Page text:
By Rick Wilson
THOMASTON – Nobody brightened up the Thomaston High gym Saturday morning than Kerri Stolle. The Berkshire League Girls Basketball Tournament was in the house and Stolle had her Wamogo team on hand to do battle with league champion Thomaston.
Looking resplendent and chic in a striking red suit jacket and a matching pair of heeled Converse All-Stars Stolle lit up the gym long before any player took the floor. The cool thing is that she may even have felt better than she looked.
Stolle was almost giddy in anticipation of hopping in her car and driving to New Jersey after the Warriors’ 11:30 game to pick up her new pit bull puppy. The result of the game was not going to dent the smile. Hey, a puppy is a puppy.
But there was a basketball glow evident, too. The Warriors would get overwhelmed by the Bears, 67-21. But it was expected in a No. 1 vs. No. 8 matchup. The Warriors scrapped on the floor and their presence was the bigger story.
Just a year ago the Warriors were in dire straits. There was no Junior varsity team and just eight players and that number was only reached when the team manager was put into uniform. The inclination was to play a junior varsity schedule but in favor to the BL they played varsity and took their black and blue lumps. It wasn’t a stretch to think extinction and to a degree it was hard to figure.
The Warriors are not a program without a proud past. One of only three Berkshire League schools to win a state title (1995) joining Thomaston and Northwestern Regional and at one time a winner of six consecutive league titles. Victory was a consistent companion not an occasional drop by. There are names that found the record books and 1,000-point banner on the wall – Clan Stolle led by Tracy with 1,924 points, sisters Kerri and Kristi, Katie Matthews, Trish Neary, Sandy Mosley and the list goes on.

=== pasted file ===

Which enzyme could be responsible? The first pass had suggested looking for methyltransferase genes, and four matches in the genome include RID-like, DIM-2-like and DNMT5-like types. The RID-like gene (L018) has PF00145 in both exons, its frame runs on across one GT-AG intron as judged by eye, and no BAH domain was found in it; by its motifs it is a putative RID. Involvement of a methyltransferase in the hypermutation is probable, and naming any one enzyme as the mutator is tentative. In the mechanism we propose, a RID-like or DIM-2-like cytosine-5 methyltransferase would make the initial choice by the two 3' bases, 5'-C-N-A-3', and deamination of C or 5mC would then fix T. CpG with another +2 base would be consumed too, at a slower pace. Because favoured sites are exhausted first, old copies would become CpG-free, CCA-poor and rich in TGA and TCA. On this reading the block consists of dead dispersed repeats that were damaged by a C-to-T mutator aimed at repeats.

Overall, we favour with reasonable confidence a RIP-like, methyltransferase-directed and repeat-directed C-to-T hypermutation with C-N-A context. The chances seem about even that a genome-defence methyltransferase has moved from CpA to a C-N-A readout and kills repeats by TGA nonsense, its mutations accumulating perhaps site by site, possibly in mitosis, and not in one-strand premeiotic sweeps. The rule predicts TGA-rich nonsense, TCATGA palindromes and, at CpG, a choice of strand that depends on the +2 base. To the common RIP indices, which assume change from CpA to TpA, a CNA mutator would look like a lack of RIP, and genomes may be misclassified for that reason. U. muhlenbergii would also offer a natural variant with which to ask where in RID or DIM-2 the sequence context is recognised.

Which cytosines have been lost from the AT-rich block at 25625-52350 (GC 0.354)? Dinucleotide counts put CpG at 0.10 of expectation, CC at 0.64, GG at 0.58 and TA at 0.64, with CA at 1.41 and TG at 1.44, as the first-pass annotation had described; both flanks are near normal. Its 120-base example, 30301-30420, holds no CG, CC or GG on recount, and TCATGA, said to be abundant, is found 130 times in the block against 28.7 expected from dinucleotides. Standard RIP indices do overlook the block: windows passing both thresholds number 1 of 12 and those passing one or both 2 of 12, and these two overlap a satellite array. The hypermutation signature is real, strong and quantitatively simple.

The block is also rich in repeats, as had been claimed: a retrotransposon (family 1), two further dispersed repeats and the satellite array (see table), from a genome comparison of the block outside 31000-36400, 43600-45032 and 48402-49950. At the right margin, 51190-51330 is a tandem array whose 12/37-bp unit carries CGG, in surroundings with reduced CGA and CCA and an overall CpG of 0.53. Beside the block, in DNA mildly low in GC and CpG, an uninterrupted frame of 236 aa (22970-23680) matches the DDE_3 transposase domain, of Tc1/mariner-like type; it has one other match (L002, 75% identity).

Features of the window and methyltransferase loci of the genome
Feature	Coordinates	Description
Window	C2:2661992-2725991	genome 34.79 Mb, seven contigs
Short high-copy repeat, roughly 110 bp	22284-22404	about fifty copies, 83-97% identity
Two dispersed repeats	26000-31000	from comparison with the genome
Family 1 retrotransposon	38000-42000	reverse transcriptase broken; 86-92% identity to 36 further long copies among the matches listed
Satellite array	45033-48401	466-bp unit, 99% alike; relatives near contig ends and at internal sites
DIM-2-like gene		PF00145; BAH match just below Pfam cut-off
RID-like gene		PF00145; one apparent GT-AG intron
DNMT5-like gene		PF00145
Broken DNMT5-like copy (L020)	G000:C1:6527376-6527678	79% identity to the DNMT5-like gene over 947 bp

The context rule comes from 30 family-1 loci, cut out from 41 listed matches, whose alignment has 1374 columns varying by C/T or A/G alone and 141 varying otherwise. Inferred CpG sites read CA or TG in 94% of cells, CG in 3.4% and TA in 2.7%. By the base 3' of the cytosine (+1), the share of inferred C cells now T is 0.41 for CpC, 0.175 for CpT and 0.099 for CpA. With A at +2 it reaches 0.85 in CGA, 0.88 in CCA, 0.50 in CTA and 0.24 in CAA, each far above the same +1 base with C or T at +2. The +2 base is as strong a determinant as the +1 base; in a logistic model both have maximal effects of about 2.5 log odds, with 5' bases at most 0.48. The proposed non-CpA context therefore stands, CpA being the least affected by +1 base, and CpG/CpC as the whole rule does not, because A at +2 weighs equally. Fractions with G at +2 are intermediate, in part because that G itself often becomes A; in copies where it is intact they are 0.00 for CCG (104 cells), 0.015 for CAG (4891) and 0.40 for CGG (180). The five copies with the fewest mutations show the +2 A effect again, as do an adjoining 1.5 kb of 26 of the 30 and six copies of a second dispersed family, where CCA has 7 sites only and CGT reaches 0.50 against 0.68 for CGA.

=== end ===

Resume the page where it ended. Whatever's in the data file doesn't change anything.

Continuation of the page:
There were more than a few good times. It is a a successful past to look up to. So what happened? School numbers are down all over but not to the extent that usually threatens a mainstream program.
“We lost our feeder programs,” said Stolle. “The Route 44 program had three girls and one niece. One town had good numbers the other two towns not enough. The rec programs had low numbers.”
But, the worm has started turning. Stolle credits Litchfield Park and Recreation Director Colleen Kinkade with rebuilding the rec program which now has more than 100 kids in grades 1-5. As a sixth grade teacher at Wamogo Stolle has worked to build interest.
This year’s team with help from the Agriculture program is up to 12 players. There are 23 girls on the Middle School team.
“That’s awesome for a varsity coach to hear,” she says.
The Warriors (3-18) tasted some victory this year. A nice three-game win streak with victories over Hale Ray, Terryville and Litchfield. Never underestimate the impact of having the higher score.
“We needed (the wins),” admits Stolle. “When you work hard and put the time it’s hard not to get the awards. You can only tell them to do that so many times. We found a system that works. We talk more, we’re better passers. I’m super proud of them this year.”
It all resulted in a spot on the BL Tournament, another step forward. You won’t find the Warriors near the top of the standings. You won’t find them in the state tournament or on the All-Star team. But you will find them making progress.
Call it `The Rising.’ A nice step forward this season. Stolle was feeling good before she got her puppy Saturday. By the end of the day she was feeling great. “